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The Role Of The Board In Appointing And Dismissing The CEO

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The Role Of The Board In Appointing And Dismissing The CEO

"The most important job of the board is to decide whether a CEO’s time is up or not"

Friday, August 7, 2015

By Karen Higginbottom,

The ousting of Anthony Jenkins as chief executive of Barclays Bank has highlighted the transitory nature of being a chief executive officer (CEO) in a FTSE100 firm. Jenkins has been temporarily replaced by the new Chairman John MacFarlane who has only been in the post since April this year. Is it better for a board to act rapidly when it comes to getting rid of a CEO? I asked experts for their views on the role of the board in selecting and dismissing the CEO.

On July 8 this year, Barclays announced that Anthony Jenkins, who had been brought into the bank as chief executive three years before to instigate a culture change was being sacked. The non-executive directors led by Sir Michael Rake, deputy Chairman and senior independent director explained that “new leadership was required to accelerate the pace of executive going forward and that John McFarlane was ideally qualified in this respect until a permanent successor was appointed.” Barclays denied that Jenkins’s sacking signaled any major change in strategy.

The whole incident brings into question the role of the board and Chairman (and on rare occasions, Chairwoman) in selecting and dismissing the CEO. The U.K. Corporate Governance Code sets out a code of conduct for the Chairman and non-executive directors of publicly listed companies in the UK. However, this code isn’t legally binding and is based on a “comply or explain” approach. The code by the Financial Reporting Council states that the board should “set the company’s strategic aims, ensure that the necessary financial and human resources are in place for the company to meet its objectives and review management performance.”

The most important job of the board is to decide whether a CEO’s time is up or not, remarks Andrew Campbell, director at Ashridge strategic management center. “Inevitably, one goes down a slippery slope as you have more discussions with directors as to whether the time is right for them to go and somebody calls a vote of no confidence and you either vote for or against the person.

The board has several layers of responsibility towards the organization, said Anthony Hesketh, senior lecturer at Lancaster University Management School. “Their responsibility is to make sure there is complete strategic clarity about the business and there is a fiduciary responsibility that capital structures look right.”

The tenure of a CEO in a publicly listed firm has become shorter over the years, according to research by the Conference Board. Their research found that the average tenure of a departing S&P 500 company CEO has decreased in recent years from roughly 10 years in 2000 to 8.1 years in 2012. Colin Price, Chairman of the Co Company, a consultancy that specializes in organizational health remarks that the tenure of CEOS has become shorter over the last fifty years. “One reason is the Lehman Brothers collapse. One positive thing is that thirty years ago, the average tenure of a CEO was 15 years and that’s too long as you run out of energy and there is a danger you end up with an oligarchic organization. However, the contrary argument is that if it’s too short-term, then it’s not long enough to implement fundamental change.”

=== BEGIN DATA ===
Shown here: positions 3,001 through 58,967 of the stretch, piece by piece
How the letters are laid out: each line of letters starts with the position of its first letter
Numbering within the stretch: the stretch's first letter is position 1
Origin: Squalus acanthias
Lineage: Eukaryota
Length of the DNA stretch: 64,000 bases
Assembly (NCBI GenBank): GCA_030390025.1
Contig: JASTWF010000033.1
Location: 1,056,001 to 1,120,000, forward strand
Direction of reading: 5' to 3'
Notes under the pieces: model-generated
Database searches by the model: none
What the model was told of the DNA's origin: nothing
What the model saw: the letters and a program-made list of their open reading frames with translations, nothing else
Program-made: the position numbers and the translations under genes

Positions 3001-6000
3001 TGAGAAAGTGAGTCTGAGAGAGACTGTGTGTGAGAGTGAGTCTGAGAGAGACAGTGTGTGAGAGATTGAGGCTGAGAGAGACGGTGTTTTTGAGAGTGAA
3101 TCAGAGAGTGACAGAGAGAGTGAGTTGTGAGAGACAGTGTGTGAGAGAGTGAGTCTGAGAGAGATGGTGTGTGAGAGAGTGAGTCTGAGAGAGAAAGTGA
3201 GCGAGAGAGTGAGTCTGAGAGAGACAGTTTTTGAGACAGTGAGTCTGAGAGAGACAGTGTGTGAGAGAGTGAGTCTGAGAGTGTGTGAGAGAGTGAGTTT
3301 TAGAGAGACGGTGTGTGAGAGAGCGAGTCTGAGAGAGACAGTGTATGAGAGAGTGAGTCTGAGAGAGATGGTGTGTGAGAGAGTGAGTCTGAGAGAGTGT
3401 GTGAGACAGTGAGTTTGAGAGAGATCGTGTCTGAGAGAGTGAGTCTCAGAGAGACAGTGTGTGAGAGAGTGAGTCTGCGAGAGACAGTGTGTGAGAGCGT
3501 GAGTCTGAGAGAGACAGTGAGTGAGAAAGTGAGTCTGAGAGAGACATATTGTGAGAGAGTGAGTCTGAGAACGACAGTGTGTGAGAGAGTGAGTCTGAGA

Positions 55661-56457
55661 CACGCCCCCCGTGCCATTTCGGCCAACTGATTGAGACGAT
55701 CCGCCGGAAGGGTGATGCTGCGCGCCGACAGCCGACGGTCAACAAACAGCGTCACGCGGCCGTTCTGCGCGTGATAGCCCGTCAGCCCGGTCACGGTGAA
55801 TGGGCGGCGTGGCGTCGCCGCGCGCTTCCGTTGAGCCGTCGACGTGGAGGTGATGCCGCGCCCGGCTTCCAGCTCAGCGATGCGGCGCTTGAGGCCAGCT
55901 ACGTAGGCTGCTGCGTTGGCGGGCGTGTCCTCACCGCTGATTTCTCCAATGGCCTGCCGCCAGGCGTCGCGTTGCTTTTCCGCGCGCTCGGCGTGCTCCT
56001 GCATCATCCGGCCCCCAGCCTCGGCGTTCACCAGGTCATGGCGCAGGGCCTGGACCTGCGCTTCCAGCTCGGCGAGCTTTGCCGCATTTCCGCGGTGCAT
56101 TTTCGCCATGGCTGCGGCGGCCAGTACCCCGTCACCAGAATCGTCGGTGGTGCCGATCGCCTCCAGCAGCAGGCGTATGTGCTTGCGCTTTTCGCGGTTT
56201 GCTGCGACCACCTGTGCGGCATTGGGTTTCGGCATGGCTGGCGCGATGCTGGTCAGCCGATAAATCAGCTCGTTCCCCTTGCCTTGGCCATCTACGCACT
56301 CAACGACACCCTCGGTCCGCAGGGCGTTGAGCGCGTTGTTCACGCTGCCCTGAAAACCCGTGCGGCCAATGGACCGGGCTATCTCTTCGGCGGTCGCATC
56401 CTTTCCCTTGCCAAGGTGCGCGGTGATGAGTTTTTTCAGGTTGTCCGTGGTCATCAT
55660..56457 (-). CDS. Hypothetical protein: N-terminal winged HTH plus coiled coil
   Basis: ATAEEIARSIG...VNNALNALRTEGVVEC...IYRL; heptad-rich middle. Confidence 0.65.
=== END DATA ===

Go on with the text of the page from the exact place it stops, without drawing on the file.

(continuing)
The relationship between the Chairman and the CEO is of fundamental importance, said Hesketh. “It sets the tone in the boardroom. The board gets split into two: what is going on at an operational level and they also focus on the long-term strategy. The Chairman and CEO will regularly meet to have discussions about the implications of economic events on the business.”

The reasons for the dismissal of a CEO are varied, said Campbell. “There are ethical reasons you might get rid of a CEO such as fiddling expenses or it could be a strategy disagreement. Or it could be simply promising to do something but failing to deliver on it.” Hesketh commented that a CEO’s tenure will be short-lived if they fail to convince the board that they are in charge of the strategic direction of the firm. “If they also lose the relationship in the boardroom then they won’t last long in the organization.”

There are consequences for organizations that abruptly dismiss a CEO without a succession plan in place. A “2014 study of CEOs, governance and success” study of 2,500 large public companies worldwide by PricewaterhouseCoopers found that CEOs who came in after a forced succession have shorter median tenures than those coming in after a planned succession –only 4.2 years compared with 5.6 –indicating that companies without good succession plans are setting themselves up for more frequent turnovers.

Campbell argued there are benefits for the organization if the board acts quickly in getting rid of a CEO. “If the CEO has a poor strategy then that person can do a lot of harm. Many discussions at the top of the organization are semi-intuitive and if a CEO’s intuition isn’t appropriate then the sooner you move them out of the position the better.”

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